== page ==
Classmates yearn for safe return of Thai boys trapped in cave
1 / 3The massive rescue effort has been hampered by heavy rains that flooded the Tham Luang cave in northern Thailand
Classmates of 12 boys trapped in a flooded Thai cave spoke of their hopes for a miracle rescue Monday, as divers inched through thick mud, water and winding crevices towards an air pocket where the group is believed to be.
There has been no contact with the boys, aged between 11 and 16, since they went missing with their football coach nine days ago.
The massive rescue effort has been hampered by heavy rains that flooded the Tham Luang cave in northern Thailand, blocking access to chambers where it is hoped the group will be found alive.
Divers took advantage of a brief window of good weather on Monday to edge further into the cave, with the water levels dropping slowly but steadily every hour thanks to round-the-clock water pumping.
Friends and teachers of the "Wild Boar" football team refused to give up hope of seeing the young players again.
Tilek Jana, whose friend Prajak is among the missing, said he was eagerly awaiting his return.
"Let him come and let's play (football) together, I miss him," he told AFP.
The principal of Mae Sai Prasitsart school, which is attended by six of the missing boys, said it had been a painful week.
"We chant and pray and send our support to them to give them power to wait for help to arrive," Kanet Pongsuwan told AFP.
Officials on Monday said the divers were less than one kilometre (0.6 miles) from an elevated area called Pattaya Beach where the boys are thought to be stranded.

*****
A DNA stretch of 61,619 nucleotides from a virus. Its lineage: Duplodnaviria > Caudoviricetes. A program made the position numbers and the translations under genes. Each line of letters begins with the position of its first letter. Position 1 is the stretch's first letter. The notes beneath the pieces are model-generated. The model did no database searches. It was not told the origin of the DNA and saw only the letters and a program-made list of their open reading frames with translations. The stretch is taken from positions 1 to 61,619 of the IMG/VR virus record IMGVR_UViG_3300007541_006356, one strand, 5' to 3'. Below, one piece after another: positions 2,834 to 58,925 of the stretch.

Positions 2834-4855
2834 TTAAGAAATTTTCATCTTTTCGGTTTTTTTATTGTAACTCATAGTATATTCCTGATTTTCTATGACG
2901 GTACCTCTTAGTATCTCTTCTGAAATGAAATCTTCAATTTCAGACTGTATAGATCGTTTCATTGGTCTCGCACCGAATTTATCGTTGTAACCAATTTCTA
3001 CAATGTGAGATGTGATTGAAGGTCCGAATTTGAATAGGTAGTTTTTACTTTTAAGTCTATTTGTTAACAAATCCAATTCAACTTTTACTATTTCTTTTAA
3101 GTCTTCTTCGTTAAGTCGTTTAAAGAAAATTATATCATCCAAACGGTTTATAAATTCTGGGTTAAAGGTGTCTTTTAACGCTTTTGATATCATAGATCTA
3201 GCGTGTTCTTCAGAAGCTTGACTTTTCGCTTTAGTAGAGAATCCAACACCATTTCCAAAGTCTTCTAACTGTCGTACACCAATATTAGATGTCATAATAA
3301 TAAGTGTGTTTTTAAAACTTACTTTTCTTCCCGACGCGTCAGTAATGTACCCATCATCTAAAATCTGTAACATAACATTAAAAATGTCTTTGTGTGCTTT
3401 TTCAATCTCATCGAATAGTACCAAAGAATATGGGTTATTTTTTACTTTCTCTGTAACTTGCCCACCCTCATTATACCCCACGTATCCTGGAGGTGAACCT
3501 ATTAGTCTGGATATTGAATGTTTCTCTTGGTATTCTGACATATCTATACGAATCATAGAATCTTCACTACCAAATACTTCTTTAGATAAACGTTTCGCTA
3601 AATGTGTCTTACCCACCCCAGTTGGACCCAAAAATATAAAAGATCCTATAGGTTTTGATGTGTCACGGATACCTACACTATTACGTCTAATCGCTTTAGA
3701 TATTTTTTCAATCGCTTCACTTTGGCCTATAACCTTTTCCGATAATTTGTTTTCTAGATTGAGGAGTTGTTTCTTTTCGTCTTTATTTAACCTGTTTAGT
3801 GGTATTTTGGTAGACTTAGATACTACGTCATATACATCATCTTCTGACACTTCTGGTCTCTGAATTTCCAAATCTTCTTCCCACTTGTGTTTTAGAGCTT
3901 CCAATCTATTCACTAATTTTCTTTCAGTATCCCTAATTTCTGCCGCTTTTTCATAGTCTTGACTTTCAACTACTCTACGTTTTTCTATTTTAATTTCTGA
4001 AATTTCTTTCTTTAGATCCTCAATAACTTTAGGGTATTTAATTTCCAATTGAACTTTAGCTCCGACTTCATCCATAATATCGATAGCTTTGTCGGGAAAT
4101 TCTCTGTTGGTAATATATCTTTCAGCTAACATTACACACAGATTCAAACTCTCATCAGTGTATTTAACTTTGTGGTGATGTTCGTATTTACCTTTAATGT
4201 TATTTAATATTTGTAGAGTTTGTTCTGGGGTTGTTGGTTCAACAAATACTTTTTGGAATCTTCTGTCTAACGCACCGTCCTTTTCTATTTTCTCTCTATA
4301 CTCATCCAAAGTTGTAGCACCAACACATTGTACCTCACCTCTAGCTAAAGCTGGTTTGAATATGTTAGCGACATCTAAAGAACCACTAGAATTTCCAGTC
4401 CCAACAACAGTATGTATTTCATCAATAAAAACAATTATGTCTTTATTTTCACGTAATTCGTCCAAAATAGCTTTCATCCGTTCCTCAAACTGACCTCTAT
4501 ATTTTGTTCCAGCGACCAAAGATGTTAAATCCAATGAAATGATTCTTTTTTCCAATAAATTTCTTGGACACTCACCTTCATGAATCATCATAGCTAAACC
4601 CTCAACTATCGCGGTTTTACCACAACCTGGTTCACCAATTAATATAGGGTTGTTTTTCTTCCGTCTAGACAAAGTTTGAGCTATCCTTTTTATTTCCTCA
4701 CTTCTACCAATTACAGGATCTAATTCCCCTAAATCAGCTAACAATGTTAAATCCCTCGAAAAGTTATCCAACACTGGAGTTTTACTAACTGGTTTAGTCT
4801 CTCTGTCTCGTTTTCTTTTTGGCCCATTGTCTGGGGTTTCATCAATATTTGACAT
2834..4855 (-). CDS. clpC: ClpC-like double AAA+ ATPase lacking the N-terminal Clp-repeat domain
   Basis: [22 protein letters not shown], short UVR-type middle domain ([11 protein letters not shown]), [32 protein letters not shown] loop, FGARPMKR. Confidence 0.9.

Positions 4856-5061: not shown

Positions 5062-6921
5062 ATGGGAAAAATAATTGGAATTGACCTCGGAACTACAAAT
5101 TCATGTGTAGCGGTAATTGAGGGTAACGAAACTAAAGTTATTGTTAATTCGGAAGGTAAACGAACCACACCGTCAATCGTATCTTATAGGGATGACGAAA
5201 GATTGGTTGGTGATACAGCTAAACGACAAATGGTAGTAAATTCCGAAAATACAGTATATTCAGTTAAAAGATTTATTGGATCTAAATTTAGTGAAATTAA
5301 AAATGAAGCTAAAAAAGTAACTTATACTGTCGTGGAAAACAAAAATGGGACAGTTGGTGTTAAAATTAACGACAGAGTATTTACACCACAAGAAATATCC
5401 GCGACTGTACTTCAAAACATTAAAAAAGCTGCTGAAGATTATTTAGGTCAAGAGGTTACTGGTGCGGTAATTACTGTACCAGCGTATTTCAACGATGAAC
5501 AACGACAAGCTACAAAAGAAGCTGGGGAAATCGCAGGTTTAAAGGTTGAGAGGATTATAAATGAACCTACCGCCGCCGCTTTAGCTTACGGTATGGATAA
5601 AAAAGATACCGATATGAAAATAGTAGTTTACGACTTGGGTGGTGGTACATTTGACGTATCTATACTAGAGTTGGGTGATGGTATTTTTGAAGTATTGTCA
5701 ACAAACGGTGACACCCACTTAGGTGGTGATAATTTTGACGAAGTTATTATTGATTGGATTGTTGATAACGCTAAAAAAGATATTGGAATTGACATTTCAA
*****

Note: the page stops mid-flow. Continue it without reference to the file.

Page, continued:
"Everyone is tense," Chiang Rai governor Narongsak Osottanakorn told reporters late Monday.
But he struck a note of optimism in keeping with the official tone throughout the rescue saying: "We still believe we will find them soon."
Scores of divers -- including foreign experts -- have been sent into the cave with hundreds of oxygen tanks, establishing a base camp inside the chambers over the weekend.
Above ground several teams were drilling into chimneys that may lead to a new opening into the labyrinth of darkened tunnels.
"The deepest one is 200 metres and we will continue that operation. If we manage to get through the cave walls, then luck is on our side," the governor Narongsak said earlier.
Weary relatives have camped out at the cave's entrance for more than a week, desperately waiting for news of the boys, while the head of the Buddhist clergy has urged prayers from a nation fixated on the fate of the group.
- Race against time -
The football team and their 25-year-old assistant coach went into the cave on June 23 after a training session and got stuck when heavy rains cut them off from the entrance.
Rescuers found their bicycles, football boots and backpacks near the cave's entrance and discovered handprints and footprints further in.
But those are the only signs of the boys so far and no one knows if they are still alive.
They likely have access to fresh water inside the cave and officials believe they brought snacks with them and possibly headlamps too.
Even without food, experts have said young, athletic boys could survive for several weeks if they are not injured -- and don't attempt to escape through deep floods.
Yet it remains a perilously urgent rescue.
Officials have dropped survival kits with food, medical supplies and a cave map into a crevice in the hope that some of the relief will reach the boys.
At 10 kilometres long, Tham Luang cave is one of Thailand's longest and one of the toughest to navigate, with its snaking chambers and narrow passageways.
A sign outside the site warns visitors not to enter the cave during the rainy season between July and November.